Meditating Upon AA

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by John Lanagan

AA’s 11th Step states: Sought through prayer and meditation to improve our conscious contact with God as we understood Him, praying only for knowledge of His will for us and the power to carry that out.

“Don’t make a big deal about AA’s ‘prayer and meditation,'” writes pro-AA author Dick B. … “It is nothing more than praying and studying or ‘pondering’ what you are reading.”[1]

This is simply not so. As discussed in ‘Alcoholics Anonymous and Contemplative Spirituality,'[2] advocates of contemplative spirituality are using AA and other 12 Step groups as a launching pad for their meditative practices. Nor is AA’s contemplative potential a new thing. As a treatment website notes, “AA and 12 Step Fellowship have known for years that spirituality or some form of contemplative meditation is an important part of treatment.”[3] (italics mine)

AA’s definition of meditation has no limits and no boundaries. For most, it has nothing whatsoever to do with the Word of God. AA cofounder Bill Wilson felt meditative knowledge from anywhere in the world could be valid.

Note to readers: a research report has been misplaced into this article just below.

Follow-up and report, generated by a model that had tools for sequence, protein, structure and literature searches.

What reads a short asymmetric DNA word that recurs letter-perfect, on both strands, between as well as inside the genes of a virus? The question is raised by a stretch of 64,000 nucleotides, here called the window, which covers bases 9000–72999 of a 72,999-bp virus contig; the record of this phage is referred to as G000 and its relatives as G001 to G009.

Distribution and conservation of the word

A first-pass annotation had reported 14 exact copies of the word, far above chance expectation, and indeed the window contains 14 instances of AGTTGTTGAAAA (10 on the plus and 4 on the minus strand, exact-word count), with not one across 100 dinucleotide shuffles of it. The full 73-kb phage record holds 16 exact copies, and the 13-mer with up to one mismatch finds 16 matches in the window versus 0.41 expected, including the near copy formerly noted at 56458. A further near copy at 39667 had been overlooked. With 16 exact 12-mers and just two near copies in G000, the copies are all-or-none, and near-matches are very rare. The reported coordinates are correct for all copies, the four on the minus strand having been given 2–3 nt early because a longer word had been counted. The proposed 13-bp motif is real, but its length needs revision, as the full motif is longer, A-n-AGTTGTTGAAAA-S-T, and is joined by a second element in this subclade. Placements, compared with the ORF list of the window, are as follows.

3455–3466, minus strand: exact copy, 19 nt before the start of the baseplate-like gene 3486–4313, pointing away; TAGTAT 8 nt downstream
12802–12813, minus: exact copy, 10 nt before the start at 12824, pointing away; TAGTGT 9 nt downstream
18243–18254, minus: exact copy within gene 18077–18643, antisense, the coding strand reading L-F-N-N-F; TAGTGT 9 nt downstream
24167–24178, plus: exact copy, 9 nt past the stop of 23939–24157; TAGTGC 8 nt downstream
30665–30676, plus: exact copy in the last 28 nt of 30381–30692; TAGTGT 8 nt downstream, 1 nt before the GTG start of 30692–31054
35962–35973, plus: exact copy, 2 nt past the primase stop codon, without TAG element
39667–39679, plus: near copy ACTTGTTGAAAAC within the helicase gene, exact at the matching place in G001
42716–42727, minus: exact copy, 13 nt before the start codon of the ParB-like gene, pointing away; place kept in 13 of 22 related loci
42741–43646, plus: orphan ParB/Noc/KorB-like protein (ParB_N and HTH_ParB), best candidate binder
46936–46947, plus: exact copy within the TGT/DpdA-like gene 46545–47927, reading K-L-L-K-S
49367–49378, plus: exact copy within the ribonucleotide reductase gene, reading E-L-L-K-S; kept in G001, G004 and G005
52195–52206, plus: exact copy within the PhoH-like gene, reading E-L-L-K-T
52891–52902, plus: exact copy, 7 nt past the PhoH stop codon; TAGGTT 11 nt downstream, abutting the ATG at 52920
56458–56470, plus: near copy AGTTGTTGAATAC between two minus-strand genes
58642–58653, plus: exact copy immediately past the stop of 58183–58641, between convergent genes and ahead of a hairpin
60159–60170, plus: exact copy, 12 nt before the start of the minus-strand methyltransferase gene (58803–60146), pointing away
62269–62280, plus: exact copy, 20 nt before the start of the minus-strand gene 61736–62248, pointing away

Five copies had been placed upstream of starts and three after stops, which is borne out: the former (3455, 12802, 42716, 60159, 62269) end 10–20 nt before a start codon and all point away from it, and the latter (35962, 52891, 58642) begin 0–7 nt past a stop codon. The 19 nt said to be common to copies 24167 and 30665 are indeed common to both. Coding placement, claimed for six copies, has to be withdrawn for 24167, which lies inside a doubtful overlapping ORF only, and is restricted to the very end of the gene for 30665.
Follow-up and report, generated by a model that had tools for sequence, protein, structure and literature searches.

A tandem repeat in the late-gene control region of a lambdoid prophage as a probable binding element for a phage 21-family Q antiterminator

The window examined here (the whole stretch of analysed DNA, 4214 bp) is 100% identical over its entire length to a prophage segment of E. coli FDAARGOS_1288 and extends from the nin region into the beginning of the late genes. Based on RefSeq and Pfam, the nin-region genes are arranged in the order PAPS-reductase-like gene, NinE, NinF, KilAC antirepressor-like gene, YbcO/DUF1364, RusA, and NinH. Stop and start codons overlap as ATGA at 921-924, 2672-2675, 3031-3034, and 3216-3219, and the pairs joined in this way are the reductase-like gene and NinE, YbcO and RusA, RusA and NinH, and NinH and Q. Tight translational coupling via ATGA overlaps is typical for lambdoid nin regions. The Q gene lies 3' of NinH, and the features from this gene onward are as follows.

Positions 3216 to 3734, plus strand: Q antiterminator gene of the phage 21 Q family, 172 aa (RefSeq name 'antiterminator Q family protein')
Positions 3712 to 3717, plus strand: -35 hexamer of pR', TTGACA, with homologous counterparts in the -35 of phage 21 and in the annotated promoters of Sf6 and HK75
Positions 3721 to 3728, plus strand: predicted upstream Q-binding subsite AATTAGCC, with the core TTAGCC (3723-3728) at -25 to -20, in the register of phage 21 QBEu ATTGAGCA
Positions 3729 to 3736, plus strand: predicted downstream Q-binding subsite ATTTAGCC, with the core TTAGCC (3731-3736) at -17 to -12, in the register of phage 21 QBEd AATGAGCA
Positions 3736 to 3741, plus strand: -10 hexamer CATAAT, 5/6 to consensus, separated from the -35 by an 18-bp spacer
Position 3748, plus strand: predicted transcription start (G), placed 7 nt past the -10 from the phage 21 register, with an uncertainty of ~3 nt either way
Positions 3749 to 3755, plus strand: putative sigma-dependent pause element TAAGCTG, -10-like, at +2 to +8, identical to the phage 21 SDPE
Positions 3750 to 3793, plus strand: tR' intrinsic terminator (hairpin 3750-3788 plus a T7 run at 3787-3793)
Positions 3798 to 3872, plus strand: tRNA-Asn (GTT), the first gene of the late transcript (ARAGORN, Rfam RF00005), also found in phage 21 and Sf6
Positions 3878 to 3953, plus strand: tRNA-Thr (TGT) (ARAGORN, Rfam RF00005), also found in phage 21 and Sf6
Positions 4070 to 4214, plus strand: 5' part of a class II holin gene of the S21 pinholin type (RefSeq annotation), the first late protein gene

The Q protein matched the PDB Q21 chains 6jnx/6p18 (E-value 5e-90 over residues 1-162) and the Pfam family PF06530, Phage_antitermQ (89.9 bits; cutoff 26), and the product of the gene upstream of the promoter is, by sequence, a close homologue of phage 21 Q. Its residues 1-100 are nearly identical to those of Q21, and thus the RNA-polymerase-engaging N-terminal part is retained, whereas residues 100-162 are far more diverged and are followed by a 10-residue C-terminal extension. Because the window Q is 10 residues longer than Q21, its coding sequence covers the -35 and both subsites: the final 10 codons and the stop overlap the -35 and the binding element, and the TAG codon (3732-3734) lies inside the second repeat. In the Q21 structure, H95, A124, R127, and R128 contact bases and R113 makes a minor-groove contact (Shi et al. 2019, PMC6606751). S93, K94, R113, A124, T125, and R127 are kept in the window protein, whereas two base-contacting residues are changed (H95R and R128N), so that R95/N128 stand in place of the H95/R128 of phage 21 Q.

It should be noted that AA apologist Dick B. has written numerous books and articles portraying AA and the 12 Steps as Biblical in origin.[4] This is a concern because Christians who join AA based on these erroneous claims may become involved in the very meditative practices this author minimizes.

In Standing Fast in the Last Days, Warren Smith describes his entrance into the occult. He recounts how a psychic, a woman who uncannily knew many details about him, told Smith the spirits on the other side needed his permission to work in his life. Watching this DVD recently, it reminded me how similar this is to AA’s 11th Step. Click here to continue…

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